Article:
HONG KONG -- A group of 10,000 demonstrators has surrounded government headquarters in Hong Kong to protest a controversial new National Education class being introduced in schools this fall. The course, the protesters argue, is just the latest example of Beijing’s attempts to control political discourse in the city.
The government in Hong Kong claims it simply wants to boost students’ knowledge of and attachment to China. But the push to ensure that Hong Kongers are sufficiently patriotic comes straight from Beijing. Indeed, Chinese President Hu Jintao suggested introducing just such a course following huge street protests that toppled Hong Kong’s Chief Executive Tung Cheehwa in 2005. And backers admit the course is modeled on patriotic education classes taught on the mainland.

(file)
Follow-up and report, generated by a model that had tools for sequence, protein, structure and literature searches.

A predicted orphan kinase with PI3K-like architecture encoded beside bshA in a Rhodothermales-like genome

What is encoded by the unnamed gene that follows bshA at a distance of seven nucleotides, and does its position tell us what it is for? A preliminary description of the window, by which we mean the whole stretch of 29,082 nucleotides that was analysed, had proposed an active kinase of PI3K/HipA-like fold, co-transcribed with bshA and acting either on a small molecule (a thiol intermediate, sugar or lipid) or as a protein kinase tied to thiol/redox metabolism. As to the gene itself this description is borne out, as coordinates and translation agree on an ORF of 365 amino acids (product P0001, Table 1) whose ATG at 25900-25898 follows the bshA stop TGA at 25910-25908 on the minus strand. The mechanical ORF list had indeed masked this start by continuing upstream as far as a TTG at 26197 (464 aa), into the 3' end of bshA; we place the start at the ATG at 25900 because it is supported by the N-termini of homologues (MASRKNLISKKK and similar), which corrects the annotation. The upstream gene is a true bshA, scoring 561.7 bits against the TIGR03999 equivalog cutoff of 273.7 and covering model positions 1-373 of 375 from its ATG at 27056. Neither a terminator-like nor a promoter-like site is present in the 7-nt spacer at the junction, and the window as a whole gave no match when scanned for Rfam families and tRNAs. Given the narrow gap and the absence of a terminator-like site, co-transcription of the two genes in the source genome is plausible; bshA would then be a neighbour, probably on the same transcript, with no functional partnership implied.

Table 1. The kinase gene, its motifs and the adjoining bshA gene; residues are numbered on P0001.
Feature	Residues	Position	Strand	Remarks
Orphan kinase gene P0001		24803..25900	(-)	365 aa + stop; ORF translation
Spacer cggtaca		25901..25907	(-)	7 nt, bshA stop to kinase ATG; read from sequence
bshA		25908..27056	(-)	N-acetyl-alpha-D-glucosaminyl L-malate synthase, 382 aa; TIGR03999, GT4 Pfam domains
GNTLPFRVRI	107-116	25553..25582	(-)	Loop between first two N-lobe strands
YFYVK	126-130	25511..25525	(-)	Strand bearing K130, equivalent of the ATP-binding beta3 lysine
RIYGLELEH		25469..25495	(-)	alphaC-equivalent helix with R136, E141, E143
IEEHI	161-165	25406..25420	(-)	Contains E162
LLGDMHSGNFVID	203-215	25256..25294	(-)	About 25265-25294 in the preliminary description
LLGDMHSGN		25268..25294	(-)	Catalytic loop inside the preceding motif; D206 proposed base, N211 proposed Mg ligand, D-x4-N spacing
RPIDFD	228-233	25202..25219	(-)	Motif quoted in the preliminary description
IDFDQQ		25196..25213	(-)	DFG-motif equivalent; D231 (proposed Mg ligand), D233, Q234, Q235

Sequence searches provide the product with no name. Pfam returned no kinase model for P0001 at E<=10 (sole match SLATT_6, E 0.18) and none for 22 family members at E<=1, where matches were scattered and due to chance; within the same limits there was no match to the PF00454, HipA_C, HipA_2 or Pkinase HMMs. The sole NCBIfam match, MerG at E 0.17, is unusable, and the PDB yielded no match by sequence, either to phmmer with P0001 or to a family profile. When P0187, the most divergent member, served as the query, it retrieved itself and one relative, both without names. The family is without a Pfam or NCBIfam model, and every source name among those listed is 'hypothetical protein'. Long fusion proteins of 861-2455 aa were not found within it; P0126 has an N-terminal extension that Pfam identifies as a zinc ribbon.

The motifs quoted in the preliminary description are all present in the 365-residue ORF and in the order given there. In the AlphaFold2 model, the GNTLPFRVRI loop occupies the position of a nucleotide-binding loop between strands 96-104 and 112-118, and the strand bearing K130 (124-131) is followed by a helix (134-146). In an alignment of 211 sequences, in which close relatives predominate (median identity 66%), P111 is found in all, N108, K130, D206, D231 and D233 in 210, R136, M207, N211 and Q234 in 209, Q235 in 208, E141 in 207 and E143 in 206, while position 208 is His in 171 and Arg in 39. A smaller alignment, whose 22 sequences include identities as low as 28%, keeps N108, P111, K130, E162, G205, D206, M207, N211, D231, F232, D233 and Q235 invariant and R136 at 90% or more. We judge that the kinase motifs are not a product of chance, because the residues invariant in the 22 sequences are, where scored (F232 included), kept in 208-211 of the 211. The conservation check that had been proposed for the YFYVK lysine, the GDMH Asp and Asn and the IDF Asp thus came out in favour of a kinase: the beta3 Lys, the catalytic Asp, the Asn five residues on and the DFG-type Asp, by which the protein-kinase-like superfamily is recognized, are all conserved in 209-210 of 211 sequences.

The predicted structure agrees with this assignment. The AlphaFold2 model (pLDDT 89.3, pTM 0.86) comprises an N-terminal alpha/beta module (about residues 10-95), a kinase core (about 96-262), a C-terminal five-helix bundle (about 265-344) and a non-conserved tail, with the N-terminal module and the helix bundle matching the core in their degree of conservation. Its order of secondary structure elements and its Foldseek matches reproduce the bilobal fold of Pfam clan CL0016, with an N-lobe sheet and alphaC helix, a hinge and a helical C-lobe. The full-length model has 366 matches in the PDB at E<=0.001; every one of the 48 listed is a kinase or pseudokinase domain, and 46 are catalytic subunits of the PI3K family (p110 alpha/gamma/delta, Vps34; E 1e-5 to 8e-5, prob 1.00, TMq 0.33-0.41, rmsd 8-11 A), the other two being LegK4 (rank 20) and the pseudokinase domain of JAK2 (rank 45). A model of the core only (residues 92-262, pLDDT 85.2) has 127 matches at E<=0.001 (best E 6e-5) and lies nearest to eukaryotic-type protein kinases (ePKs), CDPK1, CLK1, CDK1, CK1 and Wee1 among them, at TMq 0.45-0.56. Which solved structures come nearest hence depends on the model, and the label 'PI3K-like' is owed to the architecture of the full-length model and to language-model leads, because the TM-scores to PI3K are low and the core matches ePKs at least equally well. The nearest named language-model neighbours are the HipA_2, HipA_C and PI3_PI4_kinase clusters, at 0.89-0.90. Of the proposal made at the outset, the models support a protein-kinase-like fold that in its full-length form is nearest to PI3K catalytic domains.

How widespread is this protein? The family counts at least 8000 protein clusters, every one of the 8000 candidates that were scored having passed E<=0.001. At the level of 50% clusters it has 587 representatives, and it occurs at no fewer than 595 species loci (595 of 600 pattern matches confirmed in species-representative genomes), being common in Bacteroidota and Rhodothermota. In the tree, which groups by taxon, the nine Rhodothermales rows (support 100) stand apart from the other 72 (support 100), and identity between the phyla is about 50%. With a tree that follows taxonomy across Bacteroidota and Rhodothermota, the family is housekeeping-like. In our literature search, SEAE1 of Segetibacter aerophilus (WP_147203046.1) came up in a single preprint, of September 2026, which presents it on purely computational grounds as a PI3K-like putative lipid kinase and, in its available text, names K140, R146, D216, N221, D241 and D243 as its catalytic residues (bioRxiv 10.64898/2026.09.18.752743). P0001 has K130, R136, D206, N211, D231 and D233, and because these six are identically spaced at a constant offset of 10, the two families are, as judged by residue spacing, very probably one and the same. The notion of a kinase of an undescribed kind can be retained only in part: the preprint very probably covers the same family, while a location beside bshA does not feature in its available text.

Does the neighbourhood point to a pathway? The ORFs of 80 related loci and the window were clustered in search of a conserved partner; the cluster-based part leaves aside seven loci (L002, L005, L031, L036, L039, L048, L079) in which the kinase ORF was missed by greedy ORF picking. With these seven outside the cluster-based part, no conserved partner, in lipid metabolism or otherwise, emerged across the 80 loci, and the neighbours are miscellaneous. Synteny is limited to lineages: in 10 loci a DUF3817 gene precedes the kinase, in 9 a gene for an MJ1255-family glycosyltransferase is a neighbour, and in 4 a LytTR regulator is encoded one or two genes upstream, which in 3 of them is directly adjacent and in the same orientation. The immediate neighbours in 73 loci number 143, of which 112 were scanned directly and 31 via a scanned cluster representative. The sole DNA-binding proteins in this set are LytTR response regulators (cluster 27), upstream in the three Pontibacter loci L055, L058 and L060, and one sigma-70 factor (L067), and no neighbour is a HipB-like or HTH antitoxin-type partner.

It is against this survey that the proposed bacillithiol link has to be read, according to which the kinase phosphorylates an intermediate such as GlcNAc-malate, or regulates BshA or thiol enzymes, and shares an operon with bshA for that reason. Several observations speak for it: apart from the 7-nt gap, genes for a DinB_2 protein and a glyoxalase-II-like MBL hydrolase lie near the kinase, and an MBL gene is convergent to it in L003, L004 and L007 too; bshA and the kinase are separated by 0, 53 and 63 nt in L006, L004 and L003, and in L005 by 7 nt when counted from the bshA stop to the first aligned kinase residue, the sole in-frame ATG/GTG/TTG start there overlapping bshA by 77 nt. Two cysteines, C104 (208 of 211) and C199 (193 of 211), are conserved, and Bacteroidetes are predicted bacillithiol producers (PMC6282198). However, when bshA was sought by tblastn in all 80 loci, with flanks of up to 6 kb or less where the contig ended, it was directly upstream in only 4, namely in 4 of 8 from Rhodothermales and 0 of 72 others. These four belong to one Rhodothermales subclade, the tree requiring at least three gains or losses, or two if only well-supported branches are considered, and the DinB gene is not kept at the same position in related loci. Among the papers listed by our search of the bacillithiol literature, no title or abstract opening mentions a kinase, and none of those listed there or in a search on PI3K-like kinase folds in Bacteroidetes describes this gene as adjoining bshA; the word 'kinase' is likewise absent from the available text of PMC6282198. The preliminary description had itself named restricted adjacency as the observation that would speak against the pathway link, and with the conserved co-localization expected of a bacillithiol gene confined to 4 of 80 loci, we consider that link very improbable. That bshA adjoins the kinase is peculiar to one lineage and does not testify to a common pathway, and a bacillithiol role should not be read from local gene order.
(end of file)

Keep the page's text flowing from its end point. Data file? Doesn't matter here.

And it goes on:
Simmering local discontent over the plan boiled over when a sample course outline was released this spring. The curriculum omits any mention of the Tiananmen Square massacre and the Cultural Revolution. It also portrays the Communist Party as a “progressive, selfless and united government,” and suggests that multiparty systems “cause conflict and victimize the people.” Critics charge the course textbook primarily focuses on how China has suffered historically at the hands of foreigners, in order to create a sense of victimhood and deep nationalism among students.